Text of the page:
Biography of Allan Robertson

Fusilier, D Co., 1st Bn, Royal Scots Fusiliers, British Forces, Scottish Division

    I am Allan Robertson, (far left middle kneeling in photo above) and I served with the Royal Scots Fusiliers during the Malayan Emergency. The Royal Scots Fusiliers are a lowland Brigade Regiment of Foot. in the British Army. The tune you are hearing is a midi version of the regimental march past titled Highland Laddie, a pipe tune. I was a conscript, signed up as a regular, did three years with the colours, four years in the reserves for a total of 7 years. My rank was fusilier, which equals private. I would not take promotion, as I did not want to be a platoon or section leader, and be responsable for their lives by my actions or decisions.

    I will try to fill you in about the Malayan Campaign. First of all it was an"emergency", Malayan Emergency Campain to give it its proper title. The reason for this being for insurance purposes. If it was declared as a war then Lloyds of London Insurance brokers would not have paid out compensation for tin and rubber destroyed et cetera. It was like Korea, a conflict not a war. Same rules applied, world bloodie politics.

    During World War Two a Lieutenant Colonel by the name of Mike Calvert was landed on the coast of Malaya by submarine near Penang on the main land. He made his way inland to Perak, living off the jungle. His purpose was to contact the Malay's who were known to be operating in the jungle, to organize them into units and train them to combat the Japs and assist the Brits to end the war. They were supplied with arms, food et cetera via airdrops et cetera.

     These people were promised help and recognition to gain control of Malaya after the war. But as it turned out they were communists and as you have guessed the Brits had used them. So after the war they returned to the jungle and their caches of supplies left over from the war and in 1948 started to terrorize the people of Malaya and guerilla type warfare broke out.

     This threatened the tin and rubber supply which was just starting to recover after the war.  Malaya was the biggest producer of tin and rubber in the world at that time, so a state of emergency was declared and marshall law was introduced. So the Brits sent I think ten battalions into malaya to put down the trouble. I think it was 5 Ghurka regiments and 5 Brit regiments. Then the Malaya Police Land Force was formed, and a Malay Regiment was formed as well. Sarawak Rangers were formed at Port Dickson on the West coast. They were recruited from Borneo, they were head hunters or dyaks a sea faring people from Sarawak. They were trained to use rifles et cetera and used as trackers. We also used dogs, both trackers and killers, who were controlled by handler's.

       The enemy we called "CTs" ic communist terrorist, or referred to as bandits.

     And so the war began.

     I did not get there till 1954. We, the Royal Scots Fusiliers, sailed out on the troop ship 'Austorius'.  We landed at Singapore, and trained in jungle warfare school at Kota Tingie in Johore Baru. When we went to jungle school at Kota Tingie they taught you how to exsist in the ulu or jungle to you. We learned to build basher's to live in. What was edible, what was not, where to find drinking water, how to sterilize it, how to fight, to survive. We learned hard, to use varied assortment of weapons; rifles shotguns, machine guns, knifes, garrotie, parang, hands, killing points, you learn it all. If you don't you die. Boobie traps, tracking etc., we learned to fight them on their own ground. We lived like them, the only way to win.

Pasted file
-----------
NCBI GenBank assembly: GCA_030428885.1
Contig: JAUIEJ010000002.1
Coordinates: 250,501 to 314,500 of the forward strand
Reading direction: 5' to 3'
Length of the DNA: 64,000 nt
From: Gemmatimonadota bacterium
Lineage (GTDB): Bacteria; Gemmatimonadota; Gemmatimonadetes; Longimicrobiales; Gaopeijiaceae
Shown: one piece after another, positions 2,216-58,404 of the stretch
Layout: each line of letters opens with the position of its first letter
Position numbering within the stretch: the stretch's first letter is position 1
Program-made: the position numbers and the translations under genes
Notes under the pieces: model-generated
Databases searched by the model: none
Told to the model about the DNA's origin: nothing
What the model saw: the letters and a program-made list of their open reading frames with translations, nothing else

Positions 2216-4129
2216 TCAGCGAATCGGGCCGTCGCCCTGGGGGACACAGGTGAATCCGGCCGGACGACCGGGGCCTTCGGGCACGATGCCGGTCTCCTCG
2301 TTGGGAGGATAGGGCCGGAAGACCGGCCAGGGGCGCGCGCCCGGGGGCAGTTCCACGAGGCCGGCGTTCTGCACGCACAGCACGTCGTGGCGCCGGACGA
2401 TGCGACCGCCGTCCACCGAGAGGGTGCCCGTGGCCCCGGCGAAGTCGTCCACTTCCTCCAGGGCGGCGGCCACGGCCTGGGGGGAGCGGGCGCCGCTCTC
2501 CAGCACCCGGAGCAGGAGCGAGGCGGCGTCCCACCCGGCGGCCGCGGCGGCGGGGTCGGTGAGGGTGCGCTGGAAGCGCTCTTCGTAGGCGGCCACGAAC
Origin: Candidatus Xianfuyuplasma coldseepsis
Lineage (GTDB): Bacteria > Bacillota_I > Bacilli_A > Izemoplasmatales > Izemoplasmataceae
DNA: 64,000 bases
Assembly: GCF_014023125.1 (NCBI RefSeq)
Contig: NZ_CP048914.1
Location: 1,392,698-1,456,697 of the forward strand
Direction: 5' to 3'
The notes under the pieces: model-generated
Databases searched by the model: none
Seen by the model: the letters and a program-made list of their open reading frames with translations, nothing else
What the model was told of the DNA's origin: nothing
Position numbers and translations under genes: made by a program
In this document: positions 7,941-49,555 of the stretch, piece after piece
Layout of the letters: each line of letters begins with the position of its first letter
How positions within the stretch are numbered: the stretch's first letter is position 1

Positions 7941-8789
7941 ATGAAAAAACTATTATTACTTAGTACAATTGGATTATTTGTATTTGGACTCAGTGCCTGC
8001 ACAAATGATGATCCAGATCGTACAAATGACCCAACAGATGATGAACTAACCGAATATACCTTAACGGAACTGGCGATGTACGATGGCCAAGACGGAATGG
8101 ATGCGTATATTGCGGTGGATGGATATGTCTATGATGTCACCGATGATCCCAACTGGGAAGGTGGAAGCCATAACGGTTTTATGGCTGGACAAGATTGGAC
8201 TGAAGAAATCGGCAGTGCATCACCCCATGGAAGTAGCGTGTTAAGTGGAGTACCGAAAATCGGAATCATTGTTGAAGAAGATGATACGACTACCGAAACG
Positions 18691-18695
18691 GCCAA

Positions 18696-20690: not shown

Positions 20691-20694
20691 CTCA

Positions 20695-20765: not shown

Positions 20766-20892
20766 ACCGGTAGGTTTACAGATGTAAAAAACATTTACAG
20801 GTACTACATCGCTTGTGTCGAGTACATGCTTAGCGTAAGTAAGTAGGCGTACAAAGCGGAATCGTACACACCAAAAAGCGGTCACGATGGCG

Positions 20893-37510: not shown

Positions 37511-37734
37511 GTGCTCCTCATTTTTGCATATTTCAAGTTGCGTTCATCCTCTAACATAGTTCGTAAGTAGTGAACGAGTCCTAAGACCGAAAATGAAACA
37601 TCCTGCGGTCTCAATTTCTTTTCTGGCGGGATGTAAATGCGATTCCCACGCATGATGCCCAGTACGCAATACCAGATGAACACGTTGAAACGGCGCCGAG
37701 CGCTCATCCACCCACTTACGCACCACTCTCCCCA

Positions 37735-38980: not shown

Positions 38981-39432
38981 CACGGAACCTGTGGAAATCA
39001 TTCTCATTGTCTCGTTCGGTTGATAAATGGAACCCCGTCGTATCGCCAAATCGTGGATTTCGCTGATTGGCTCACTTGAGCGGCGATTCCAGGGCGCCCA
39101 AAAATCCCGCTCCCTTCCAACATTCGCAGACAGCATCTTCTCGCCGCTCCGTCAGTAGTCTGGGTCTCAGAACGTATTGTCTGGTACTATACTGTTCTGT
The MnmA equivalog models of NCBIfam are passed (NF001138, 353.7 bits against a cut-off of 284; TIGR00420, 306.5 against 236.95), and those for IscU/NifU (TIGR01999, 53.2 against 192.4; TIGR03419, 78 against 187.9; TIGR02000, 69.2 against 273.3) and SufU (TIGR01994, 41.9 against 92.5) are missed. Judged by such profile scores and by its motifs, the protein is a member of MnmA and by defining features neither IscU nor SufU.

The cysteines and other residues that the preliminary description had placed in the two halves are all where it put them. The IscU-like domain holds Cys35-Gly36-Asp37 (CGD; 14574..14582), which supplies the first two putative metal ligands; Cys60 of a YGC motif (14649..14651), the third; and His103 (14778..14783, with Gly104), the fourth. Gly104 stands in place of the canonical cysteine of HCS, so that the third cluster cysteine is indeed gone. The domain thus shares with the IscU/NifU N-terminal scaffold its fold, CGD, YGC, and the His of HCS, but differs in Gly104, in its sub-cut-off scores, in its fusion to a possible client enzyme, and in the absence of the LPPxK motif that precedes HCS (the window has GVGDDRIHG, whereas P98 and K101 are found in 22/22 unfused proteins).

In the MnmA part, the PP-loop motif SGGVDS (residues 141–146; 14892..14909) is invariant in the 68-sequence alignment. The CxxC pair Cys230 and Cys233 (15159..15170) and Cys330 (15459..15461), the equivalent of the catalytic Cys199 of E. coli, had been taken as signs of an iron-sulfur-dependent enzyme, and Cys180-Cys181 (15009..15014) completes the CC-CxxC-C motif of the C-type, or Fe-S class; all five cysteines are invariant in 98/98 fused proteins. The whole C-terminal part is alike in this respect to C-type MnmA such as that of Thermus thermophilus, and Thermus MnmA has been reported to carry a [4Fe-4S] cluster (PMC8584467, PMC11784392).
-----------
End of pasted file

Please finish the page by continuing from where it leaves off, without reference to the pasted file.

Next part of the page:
The Americans in Nam never learned the lesson, they tried to play by their own rules. It did not work. By clearing jungle and trying to make him come to you, it don't work. We told them how, but they would not listen. Hence they were a long time in Nam and it cost them a lot. 

     After Kota Tingie, we were then sent to different locations mostly around the Perak area. Our first camp was Butterworth on the coast, just opposite Penang Island.

     We arrive at Butterworth, "D"coy's first base camp. "C"coy's is in the Cameron Highlands in Kedah, the next state to Perak, all the other coy's A, B, and Support Coy are scattered all over Perak in similar base camps. Some in tents in rubber estates mostly, others like us are living in bashers, (straw huts on stilts). We had our own beatifull beach, palm trees,right next to the sea, it was like a holiday camp. Boy did we get a shock?

     Then came the day when play time was over! We go to work. Our first operation. We drive out to the jungle fringe, at fist light, drop off the trucks and walk in. Our lead scout , or point man, leads the way. We go in single file, keeping your eyes strained, looking every where at once. After a good day's march, we arrive at the map reference some where in the Bong Su area of the ulu. We bash up for the night and form a base camp.

     At first light we form 4 fan patrols of 4 men each. Our patrol consisted of Cpl 'Stretch' Munroe, Fus. Stevenson, Fus. Marshall, and myself. Arms, two carbines mk/1's,a Lee Enfield mk/5 jungle carbine, and myself with an Australian Owen gun, 9 mm. Each patrol heads into the jungle, one to the N.S.E.and West from the base camp to probe around to see if we can find any trace of the communist terrorists, or bandits as we referred to them. Then report back to our section commander. Unfortunately we got lost, which by the way is very easy to do. Our Corporal got his compass reading screwed up, we are going in circles. It starts to rain, monsoon time, night falls, its dark at 6 pm at night. We don't make it back to base camp that night.

     We find ourself on top of a hill, on a ridge, near a track we have been following closely, not on it but near it. We spend the night huddled together in a depression on the ridge. We lay and shivered in the rain, feeling miserable all night. At first light 6 am we we pull our self together, still raining to beat hell. We take stock, we have a few candies, hardtack biscuits and water in our bottles. We discuss the situation and decide to move out, we stumble along the ridge, and I'm leading, and suddenly look down to my left and see a basher below us on the hillside. Lucky for us its raining and it covered any noise we were making. By using the jungle signs we were taught, we make communication with each other. We get quite excited, on what to do now. Its no longer a game? Our first time in action, what happens now?

     Our training seemed to click in automatically. I'm out on a spur above them by now observing them, four of them. It appears they have just woke up! We have advantage of surprise. We could not make up our minds who should shoot first? We were scared to say the least. I don't care who it is, they all have fear. All of a sudden the bandit a little ways from the basher sitting on his heels Asian style moves! I think he sees me! Bang! All hell breaks loose. We exchange shots, firing short bursts. My bandit goes down, the others quickly recover and fire blindly up hill in our general direction. Bullets fly past, thud in the ground all around and into the trees. Two are down for sure, the other two retreat into the jungle firing as they go we lose sight of them in the trees.